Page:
“SAVE THE WOMEN”CAMPAIGN. “Healthy women, Healthy families”
After my own diagnosis and surgeries, I am keen to get the subject of female related cancers, such as breast cancer and cervical cancer, out in the open to make other Asian women aware of their cancers and warning signs.
In South Asian society talking openly about breasts and cervix is often considered taboo as they are such a private part of the body. As a result, many females suffer in silence and many, loses their lives.
I aim to raise awareness in the South Asian community that breast cancer and cervical cancers are disease like any other disease and there is nothing to be ashamed of. I was criticised for coming out open about her cancer, but the whole purpose of her coming out open was to raise awareness about the disease. I openly and loudly state that “the cancer is not a stigma. It is an illness like any other illness, and many cancers are curable”. There are far too many South Asian females who hide their cancers due to stigma attached to it, and eventually loses their lives. No life should be lost due to perceived social stigma associated with the illness.
On 26thMarch 2018, on the occasion of my birthday, I have launched a campaign “Save The Women”to raise public awareness of cancers in South Asian females. Whilst resting on bed, following my recent surgery, my mind was on an emotional embankment, reading and hearing about number of lives lost due to lack of understanding of cancers and social stigma attached to it, specially in South Asian families. This lead me in to launching this campaign. There can't be better day than my birthday to speak up for something so vital. My statement on launching the campaign is that, “I am not defeated by my cancer, I am going just through short term tribulation, yet to come out stronger, wiser and positive at the other side”.
I am diagnosed in my 40s and there are other two young mothers known to me are also diagnosed. Common factor in all these three females is that we did not have the lump but yet had the cancer. This became the wakeup call for me to do something about it. Encouraging breast and cervical awareness amongst South Asian women remains a challenge.
Historically, South Asian women were considered to be at a very low risk of breast cancer compared with white women. As per BBC news published in 2013, between 2000-2004, South Asian women were found to have a 45% cent lower rate of breast cancer compared with white women. But by the 2005-2009 period, rates of breast cancer among South Asian women had increased significantly and had risen to be 8% higher than white women, whose rates had not changed significantly.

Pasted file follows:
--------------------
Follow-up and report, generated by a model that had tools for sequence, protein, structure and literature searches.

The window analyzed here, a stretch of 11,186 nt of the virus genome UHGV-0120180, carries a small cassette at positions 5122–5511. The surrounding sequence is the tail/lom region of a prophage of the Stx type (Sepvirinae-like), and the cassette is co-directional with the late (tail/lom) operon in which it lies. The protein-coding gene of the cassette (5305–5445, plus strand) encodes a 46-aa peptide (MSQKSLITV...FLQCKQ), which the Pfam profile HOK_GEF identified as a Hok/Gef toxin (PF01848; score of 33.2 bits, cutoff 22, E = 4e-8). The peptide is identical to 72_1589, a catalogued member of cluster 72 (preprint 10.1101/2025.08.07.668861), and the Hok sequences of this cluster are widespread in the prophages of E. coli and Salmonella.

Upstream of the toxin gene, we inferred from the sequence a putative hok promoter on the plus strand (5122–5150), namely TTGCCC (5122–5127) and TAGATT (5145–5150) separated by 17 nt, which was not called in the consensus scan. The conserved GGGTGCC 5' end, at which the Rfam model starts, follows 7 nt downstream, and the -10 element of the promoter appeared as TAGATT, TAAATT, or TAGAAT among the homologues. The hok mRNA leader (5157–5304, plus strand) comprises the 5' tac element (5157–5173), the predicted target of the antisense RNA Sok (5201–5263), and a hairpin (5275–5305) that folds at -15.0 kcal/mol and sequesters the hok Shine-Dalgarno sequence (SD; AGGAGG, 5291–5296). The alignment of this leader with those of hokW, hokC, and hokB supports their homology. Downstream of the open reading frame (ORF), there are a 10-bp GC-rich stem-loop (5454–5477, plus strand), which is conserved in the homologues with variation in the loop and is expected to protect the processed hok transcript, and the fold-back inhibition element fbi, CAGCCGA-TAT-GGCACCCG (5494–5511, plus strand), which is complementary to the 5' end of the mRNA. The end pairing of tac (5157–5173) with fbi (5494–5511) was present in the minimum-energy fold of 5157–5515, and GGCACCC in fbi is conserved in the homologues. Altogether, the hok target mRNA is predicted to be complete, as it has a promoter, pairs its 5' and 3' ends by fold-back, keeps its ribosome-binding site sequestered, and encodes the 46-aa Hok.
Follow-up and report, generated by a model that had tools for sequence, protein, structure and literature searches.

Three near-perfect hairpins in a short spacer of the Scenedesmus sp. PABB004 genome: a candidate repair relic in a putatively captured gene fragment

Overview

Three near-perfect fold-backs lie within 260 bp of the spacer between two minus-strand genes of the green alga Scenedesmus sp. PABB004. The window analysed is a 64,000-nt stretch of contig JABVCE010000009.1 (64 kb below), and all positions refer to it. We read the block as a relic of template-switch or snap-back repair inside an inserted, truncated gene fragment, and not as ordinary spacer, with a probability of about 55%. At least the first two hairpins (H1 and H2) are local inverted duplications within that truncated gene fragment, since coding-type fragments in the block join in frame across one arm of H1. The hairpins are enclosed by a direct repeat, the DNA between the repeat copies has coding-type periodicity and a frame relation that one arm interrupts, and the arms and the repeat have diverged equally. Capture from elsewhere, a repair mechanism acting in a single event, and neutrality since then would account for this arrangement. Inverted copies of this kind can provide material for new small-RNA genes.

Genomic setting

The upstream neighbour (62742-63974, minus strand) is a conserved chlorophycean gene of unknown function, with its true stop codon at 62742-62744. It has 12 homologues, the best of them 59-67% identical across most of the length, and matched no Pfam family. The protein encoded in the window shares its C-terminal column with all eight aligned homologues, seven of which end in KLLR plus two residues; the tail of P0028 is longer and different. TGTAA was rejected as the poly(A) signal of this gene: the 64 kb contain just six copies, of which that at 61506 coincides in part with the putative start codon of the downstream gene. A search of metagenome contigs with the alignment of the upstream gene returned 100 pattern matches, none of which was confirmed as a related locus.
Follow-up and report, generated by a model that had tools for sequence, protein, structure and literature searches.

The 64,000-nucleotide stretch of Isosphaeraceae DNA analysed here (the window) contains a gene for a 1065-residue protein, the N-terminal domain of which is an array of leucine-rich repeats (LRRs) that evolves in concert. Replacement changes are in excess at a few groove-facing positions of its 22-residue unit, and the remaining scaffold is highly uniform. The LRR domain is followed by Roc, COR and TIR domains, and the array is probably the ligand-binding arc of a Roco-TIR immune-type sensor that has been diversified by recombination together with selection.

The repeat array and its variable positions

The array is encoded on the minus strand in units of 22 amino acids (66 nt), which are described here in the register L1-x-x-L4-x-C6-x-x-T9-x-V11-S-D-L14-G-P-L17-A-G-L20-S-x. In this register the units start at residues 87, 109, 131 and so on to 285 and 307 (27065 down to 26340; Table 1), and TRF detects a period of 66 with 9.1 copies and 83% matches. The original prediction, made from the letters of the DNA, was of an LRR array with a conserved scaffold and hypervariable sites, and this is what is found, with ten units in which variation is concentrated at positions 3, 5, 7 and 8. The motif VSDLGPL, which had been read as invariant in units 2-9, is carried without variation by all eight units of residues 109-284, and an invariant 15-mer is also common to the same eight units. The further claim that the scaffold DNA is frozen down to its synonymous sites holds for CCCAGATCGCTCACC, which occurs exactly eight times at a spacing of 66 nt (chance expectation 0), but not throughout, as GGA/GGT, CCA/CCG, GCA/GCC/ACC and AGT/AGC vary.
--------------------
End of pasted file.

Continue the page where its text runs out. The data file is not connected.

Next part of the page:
A number of UK women from South Asian backgrounds who have cancer, hide it because of a perceived stigma about the disease, the BBC has learned. One woman chose to "suffer on [her] own" through chemotherapy for fear of her family's reaction, and questioned whether God was punishing her. Experts said others were seeking help too late, causing preventable deaths. In one case a woman sought treatment only when her breast was rotten. She later died as the cancer had spread. Some women go to the extent of not even having treatment because, if they had treatment, people would know as they'd lose their hair,". Some fears it might affect their children because no-one would want to marry them.
As per the article published by BBC, in 2014, research from Bridgewater NHS found Asian women between 15 and 64 years old had a significantly reduced survival rate for breast cancer of three years.
The stigma surrounding cancer in South Asian communities spans different forms of the disease. One women told BBC that there was a reluctance for women to go for a smear test because they did not want to be "defiled" or be considered "no longer pure".
Some experts are concerned that women are suffering unnecessarily.
Significant number of South Asian women are more likely to be from poor, deprived backgrounds, meaning their levels of awareness of cancer are likely to be lower.
“Save the Women”campaign is equally important as “Save Girl, Educate Girl”campaign and I aim to continue work on both the campaigns equally.
I have taken solace in considering God’s greater plan for me and making her the medium to raise much needed awareness.